# On Judging the Significance of Differences by Examining the Overlap Between Confidence Intervals

## Excerpts

The overlap method is simple, and it is convenient when lists or graphs of confidence intervals are presented. It can be useful as a quick and relatively rough method for exploratory data analysis. It should not be regarded as an optimal method for significance testing, however, given its conservatism and low power relative to the standard method in the common situation that we have considered. Thus, the overlap method should not be used for formal significance testing unless the data analyst is aware of its deficiencies and unless the information needed to carry out a more appropriate procedure is unavailable.

## Abstract

To judge whether the difference between two point estimates is statistically significant, data analysts often examine the overlap between the two associated con dence intervals. We compare this technique to the standard method of testing signi cance under the common assumptions of consistency, asymptotic normality, and asymptoticindependenceof the estimates. Rejection of the null hypothesis by the method of examining overlap implies rejection by the standard method, whereas failure to reject by the method of examining overlap does not imply failure to reject by the standard method. As a consequence, the method of examining overlap is more conservative (i.e., rejects the null hypothesis less often) than the standard method when the null hypothesis is true, and it mistakenly fails to reject the null hypothesis more frequently than does the standard method when the null hypothesis is false. Although the method of examining overlap is simple and especially convenient when lists or graphs of confidence intervals have been presented, we conclude that it should not be used for formal significance testing unless the data analyst is aware of its deficiencies and unless the information needed to carry out a more appropriate procedure is unavailable.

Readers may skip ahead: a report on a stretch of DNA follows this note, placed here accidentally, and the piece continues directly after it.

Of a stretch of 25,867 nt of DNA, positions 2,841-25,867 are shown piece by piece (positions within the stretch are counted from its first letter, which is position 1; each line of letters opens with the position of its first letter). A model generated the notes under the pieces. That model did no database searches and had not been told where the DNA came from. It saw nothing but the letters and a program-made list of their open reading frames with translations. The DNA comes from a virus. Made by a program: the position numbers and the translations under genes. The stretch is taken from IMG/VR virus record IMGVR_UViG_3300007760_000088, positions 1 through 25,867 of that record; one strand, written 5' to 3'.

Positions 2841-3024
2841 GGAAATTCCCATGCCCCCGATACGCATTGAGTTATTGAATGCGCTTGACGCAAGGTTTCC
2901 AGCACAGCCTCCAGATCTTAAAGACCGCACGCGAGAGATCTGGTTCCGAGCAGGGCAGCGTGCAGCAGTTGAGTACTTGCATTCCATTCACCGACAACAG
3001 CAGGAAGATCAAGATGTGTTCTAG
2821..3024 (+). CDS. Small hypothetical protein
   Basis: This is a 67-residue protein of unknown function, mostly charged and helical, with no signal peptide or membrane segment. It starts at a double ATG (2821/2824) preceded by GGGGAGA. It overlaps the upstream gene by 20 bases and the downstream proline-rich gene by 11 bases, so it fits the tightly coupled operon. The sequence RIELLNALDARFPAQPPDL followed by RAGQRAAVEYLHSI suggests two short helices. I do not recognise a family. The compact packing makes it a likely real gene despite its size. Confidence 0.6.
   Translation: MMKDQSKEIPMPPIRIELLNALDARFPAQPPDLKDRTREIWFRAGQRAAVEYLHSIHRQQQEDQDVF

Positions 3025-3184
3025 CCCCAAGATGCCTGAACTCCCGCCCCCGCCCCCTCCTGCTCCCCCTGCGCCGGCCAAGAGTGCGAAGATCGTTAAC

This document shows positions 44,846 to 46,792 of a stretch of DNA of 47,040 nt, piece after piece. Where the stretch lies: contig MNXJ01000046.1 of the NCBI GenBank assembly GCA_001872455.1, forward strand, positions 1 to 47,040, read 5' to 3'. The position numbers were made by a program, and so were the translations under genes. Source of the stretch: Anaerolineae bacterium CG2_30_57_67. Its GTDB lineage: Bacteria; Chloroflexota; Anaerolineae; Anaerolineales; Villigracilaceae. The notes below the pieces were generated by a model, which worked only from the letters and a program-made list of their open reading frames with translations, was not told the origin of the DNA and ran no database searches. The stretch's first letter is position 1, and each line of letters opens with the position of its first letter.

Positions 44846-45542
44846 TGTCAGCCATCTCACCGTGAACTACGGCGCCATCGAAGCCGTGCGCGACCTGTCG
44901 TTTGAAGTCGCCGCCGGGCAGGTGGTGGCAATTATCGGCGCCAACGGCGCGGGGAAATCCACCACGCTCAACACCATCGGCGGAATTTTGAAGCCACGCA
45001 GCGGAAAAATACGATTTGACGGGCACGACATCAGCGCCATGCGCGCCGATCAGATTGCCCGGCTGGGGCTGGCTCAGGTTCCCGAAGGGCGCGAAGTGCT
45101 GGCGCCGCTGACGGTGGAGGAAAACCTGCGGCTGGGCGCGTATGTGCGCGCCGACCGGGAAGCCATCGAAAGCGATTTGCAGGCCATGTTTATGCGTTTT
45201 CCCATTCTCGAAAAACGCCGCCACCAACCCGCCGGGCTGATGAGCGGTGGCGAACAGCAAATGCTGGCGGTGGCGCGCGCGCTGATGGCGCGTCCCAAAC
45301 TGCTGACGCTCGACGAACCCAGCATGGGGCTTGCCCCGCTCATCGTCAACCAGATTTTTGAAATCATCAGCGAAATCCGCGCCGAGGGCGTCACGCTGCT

## Reference

Nathaniel Schenker, Jane F Gentleman

“On Judging the Significance of Differences by Examining the Overlap Between Confidence Intervals”(2001) DOI: 10.1198/000313001317097960

```
@Article{schenker2001,
title = {On Judging the Significance of Differences by Examining the Overlap Between Confidence Intervals},
abstract = {To judge whether the difference between two point estimates is statistically significant, data analysts often examine the overlap between the two associated con dence intervals. We compare this technique to the standard method of testing signi cance under the common assumptions of consistency, asymptotic normality, and asymptoticindependenceof the estimates. Rejection of the null hypothesis by the method of examining overlap implies rejection by the standard method, whereas failure to reject by the method of examining overlap does not imply failure to reject by the standard method. As a consequence, the method of examining overlap is more conservative (i.e., rejects the null hypothesis less often) than the standard method when the null hypothesis is true, and it mistakenly fails to reject the null hypothesis more frequently than does the standard method when the null hypothesis is false. Although the method of examining overlap is simple and especially convenient when lists or graphs of confidence intervals have been presented, we conclude that it should not be used for formal significance testing unless the data analyst is aware of its deficiencies and unless the information needed to carry out a more appropriate procedure is unavailable.},
volume = {55},
issn = {1537-2731},
url = {http://dx.doi.org/10.1198/000313001317097960},
doi = {10.1198/000313001317097960},
number = {3},
journal = {The American Statistician},
publisher = {Informa UK Limited},
author = {Schenker, Nathaniel and Gentleman, Jane F},
year = {2001},
month = {aug},
pages = {182–186}
}
```